Nearly two weeks into the New Year and the IISTL’s version of ‘Old Moore’s Almanack’ looks ahead to what 2023 is going to have in store us.

Brexit. EU Retained EU Law (Revocation and Reform) Bill will kick in at end of the year. It will be a major surprise if the two Conflicts Regulations, Rome I and Rome 2 aren’t retained, but not the Port Services Regulation.

Ebury Partners Belgium SA/NV v Technical Touch BV, Jan Berthels [2022] EWHC 2927 (Comm) is another recent decision in which an ASI has been granted to restrain proceedings in an EU Member State (Belgium) in respect of a contract subject to English jurisdiction.

Electronic bills of lading. Electronic Trade Documents Bill. Likely to become law in 2023 and to come into effect two months after getting Royal Assent. The Law Commission will publish a consultation paper “Digital assets: which law, which court?” dealing with conflicts of law issues in the second half of 2023.

Autonomous vessels. The Department for Transport consultation on MASS and possible amendments to the Merchant Shipping Act 1995 closed in November 2021. Maybe some results in 2023?

Supreme Court cases

Okpabi v Royal Dutch Shell. The case may well go to trial in 2023, although in May 2022 the High Court EWHC 989 (TCC), held it was premature to grant a  Group Litigation Order and directed that each individual claimant should specify additional details to formulate a proper cause of action for the defendants to respond to.

In similar proceedings in the Netherlands in which the Court of Appeal in the Hague gave judgment in January 2021 relating to multiple oil pipeline leaks in the Niger Delta, it was announced just before Christmas 2022 that Shell will pay 15 million euros ($15.9 million) to the affected communities in Nigeria in full and final settlement on a basis of no admission of liability.

The Eternal Bliss appeal to the Supreme Court is likely to be heard in 2023, with possibility of judgment given in 2023.

But there must be a question mark over London Steam-ship Owners’ Mutual Insurance Association Ltd (Respondent) v Kingdom of Spain (Appellant), Case ID: Case ID 2022/0062 where it is stated “This appeal has been adjourned by request of the parties.”

Climate Change

IMO  Two measures aimed at reducing shipping’s contribution to GHG emissions,   EEXI and Cii, both came into force as from 1 January 2023 and will be in the forefront of the minds of those negotiating new time charters.

EU. Shipping is likely to come into the ETS system with the amendments to the 2003 ETS Directive with phasing in from 1 January 2024. Here and here.

BIMCO has produced time charter clauses to deal with all three of these measures.

Ewan McGaughey et al v. Universities Superannuation Scheme Limited is a case involving whether the investments in fossil fuels by a large pension fund in the UK breach the directors’ fiduciary duties and duties towards contributors of the pension fund. On 24 May 2022, the High Court refused permission to bring a derivative action against USSL, but the Court of Appeal gave permission to appeal in October 2022, so a hearing in 2023 is “on the cards”.

European Union

On 15 July 2022, the EU Taxonomy Complementary Climate Delegated Act covering certain nuclear and gas activities came into force on 4 August 2022 and has applied from 1 January 2023. A legal challenge against the Commission before the CJEU by various NGOs and two member states, Austria and/or Luxembourg has been threatened in connection for the inclusion of nuclear energy and natural gas in the Delegated Act. Climate mitigation and adaptation criteria for maritime shipping, were included in the EU Taxonomy Climate Delegated Act adopted in April 2021.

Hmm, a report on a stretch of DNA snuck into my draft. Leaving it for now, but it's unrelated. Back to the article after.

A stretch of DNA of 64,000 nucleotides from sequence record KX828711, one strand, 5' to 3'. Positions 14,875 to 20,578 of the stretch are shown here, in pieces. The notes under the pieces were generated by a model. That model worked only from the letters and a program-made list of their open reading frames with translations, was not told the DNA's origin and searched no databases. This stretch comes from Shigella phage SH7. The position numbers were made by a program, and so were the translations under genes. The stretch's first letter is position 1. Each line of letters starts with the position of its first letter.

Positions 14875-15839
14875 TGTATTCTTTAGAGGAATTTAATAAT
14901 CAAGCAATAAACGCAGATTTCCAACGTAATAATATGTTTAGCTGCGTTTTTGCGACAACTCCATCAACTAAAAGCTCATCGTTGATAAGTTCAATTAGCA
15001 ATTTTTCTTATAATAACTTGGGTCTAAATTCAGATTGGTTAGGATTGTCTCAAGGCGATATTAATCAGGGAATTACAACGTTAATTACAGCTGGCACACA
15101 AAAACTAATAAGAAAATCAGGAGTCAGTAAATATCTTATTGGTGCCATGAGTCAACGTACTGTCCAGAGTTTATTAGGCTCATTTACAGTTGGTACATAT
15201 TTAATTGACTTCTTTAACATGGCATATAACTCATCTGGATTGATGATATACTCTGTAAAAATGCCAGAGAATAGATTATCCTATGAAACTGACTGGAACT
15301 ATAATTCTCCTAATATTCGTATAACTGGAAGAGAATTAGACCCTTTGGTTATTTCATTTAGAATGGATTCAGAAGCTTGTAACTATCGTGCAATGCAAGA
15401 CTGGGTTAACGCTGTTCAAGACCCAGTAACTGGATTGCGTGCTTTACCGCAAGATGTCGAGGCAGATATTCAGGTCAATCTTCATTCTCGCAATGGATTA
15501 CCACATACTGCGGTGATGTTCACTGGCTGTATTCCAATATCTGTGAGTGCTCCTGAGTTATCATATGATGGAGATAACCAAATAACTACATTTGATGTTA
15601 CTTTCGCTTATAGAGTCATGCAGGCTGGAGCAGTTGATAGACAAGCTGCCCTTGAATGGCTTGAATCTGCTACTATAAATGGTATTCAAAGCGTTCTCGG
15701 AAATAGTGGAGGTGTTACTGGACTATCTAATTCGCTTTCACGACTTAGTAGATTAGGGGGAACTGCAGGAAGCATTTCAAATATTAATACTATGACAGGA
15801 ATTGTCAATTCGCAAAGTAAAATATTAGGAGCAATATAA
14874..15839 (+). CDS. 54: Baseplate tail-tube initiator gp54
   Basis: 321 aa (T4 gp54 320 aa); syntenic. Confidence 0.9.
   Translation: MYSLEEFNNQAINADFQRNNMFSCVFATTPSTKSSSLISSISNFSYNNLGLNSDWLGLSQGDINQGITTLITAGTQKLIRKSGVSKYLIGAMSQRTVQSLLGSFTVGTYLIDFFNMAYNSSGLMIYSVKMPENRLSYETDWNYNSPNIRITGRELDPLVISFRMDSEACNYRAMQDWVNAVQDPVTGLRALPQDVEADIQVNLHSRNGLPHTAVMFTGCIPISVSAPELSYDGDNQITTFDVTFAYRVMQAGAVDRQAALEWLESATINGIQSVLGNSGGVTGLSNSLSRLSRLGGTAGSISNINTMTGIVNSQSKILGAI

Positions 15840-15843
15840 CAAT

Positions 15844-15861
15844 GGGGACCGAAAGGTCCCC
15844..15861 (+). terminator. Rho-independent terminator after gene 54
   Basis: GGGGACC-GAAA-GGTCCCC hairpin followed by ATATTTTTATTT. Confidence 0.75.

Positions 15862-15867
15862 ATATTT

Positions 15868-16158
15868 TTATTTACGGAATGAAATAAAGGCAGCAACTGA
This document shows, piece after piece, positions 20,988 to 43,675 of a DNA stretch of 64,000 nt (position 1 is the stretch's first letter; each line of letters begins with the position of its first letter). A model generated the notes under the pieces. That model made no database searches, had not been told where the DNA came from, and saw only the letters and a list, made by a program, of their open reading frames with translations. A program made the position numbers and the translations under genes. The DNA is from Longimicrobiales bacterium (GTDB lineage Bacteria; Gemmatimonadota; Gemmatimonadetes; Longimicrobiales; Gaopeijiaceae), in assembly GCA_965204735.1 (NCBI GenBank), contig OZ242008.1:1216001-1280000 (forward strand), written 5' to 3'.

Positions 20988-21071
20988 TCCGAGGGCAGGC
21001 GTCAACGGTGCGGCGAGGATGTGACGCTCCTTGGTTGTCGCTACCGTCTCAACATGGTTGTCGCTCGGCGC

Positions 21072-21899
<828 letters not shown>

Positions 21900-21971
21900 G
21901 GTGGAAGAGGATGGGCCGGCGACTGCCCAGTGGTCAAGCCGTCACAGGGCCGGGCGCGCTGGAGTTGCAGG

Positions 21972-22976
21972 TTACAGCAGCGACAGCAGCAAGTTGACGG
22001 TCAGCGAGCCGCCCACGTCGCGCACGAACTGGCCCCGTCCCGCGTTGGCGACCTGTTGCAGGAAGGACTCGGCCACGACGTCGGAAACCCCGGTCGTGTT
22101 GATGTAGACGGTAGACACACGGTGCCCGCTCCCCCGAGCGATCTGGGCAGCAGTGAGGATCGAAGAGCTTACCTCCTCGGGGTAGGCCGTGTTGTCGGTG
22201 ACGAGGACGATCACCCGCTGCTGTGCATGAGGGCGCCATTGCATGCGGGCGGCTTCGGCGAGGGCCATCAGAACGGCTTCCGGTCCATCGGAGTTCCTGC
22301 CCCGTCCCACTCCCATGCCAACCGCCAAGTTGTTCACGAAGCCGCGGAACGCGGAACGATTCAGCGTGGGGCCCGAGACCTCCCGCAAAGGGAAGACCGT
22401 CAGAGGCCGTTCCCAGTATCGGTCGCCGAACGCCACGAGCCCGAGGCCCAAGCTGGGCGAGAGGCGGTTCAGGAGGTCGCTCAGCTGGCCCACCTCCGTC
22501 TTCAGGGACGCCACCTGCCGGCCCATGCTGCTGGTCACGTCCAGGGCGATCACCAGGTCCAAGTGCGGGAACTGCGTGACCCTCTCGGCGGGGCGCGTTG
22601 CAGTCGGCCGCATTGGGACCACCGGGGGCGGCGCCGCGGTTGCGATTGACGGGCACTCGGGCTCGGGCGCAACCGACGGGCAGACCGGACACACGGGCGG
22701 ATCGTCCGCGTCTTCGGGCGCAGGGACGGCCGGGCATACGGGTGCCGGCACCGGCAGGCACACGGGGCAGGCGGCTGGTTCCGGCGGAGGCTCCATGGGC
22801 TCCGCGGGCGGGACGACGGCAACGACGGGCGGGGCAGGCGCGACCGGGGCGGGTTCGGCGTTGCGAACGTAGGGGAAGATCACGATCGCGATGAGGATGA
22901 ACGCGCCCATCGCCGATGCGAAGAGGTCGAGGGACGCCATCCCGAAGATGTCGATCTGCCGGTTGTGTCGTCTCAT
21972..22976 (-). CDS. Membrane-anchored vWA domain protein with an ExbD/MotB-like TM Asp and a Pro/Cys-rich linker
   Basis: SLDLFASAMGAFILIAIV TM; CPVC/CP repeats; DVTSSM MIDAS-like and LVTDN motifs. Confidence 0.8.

Previous requests from other NGOs asking the Commission to carry out an internal review of the inclusion of certain forestry and bioenergy activities in the EU green taxonomy had already been rejected by the Commission in 2022.

The Corporate sustainability reporting directive came into effect on 16 Dec, 2022

For EU companies already required to prepare a non-financial information statement, the CSRD is effective for periods commencing on or after 1 January 2024. Large UK and other non-EU companies listed on an EU regulated market (i.e. those meeting two of the three following criteria: more than €20 million total assets, more than €40 million net turnover and more than 250 employees) will be subject to the CSRD requirements for periods commencing on or after 1 January 2025. 

UK and other non-EU companies that are not listed in the EU but which have substantial activity in the EU will be subject to the CSRD for periods commencing on or after 1 January 2028.

Finally, a very happy 2023 to all our readers.


On 18 November 2022, the English High Court handed down a judgment in Ebury Partners Belgium SA v Technical Touch BV [2022] EWHC 2927 (Comm) in favour of an anti-suit injunction against the Belgian proceedings breaching the English exclusive jurisdiction agreement. Mr. Justice Jacobs provided some welcome clarification and confirmation of the principles applicable upon breaches of exclusive jurisdiction agreements in the altered legal landscape post-Brexit. Indeed, the decision might be considered a continuing development following the anti-suit injunction granted by the English Commercial Court against the Spanish court proceedings in QBE Europe SA/NV and another v. Generali Espana de Seguros y Reaseguros [2022] EWHC 2062 (Comm).

A brief glimpse of the factual background

The dispute arose between Ebury Partners Belgium SA/NV (Claimant) and Technical Touch and Jan Berthels (Defendants) in April 2021 following their Relationship Agreement for foreign exchange currency services which was consented to electronically through the claimant’s website. The hyperlink attached to the box ticked by Mr. Berthels (director of the company) would have taken onto the webpage containing a pdf file with the terms and conditions of the claimant applicable to their business dealings. Indeed, Clause 27 entitled “Other important terms” included governing law and exclusive jurisdiction clauses as follows: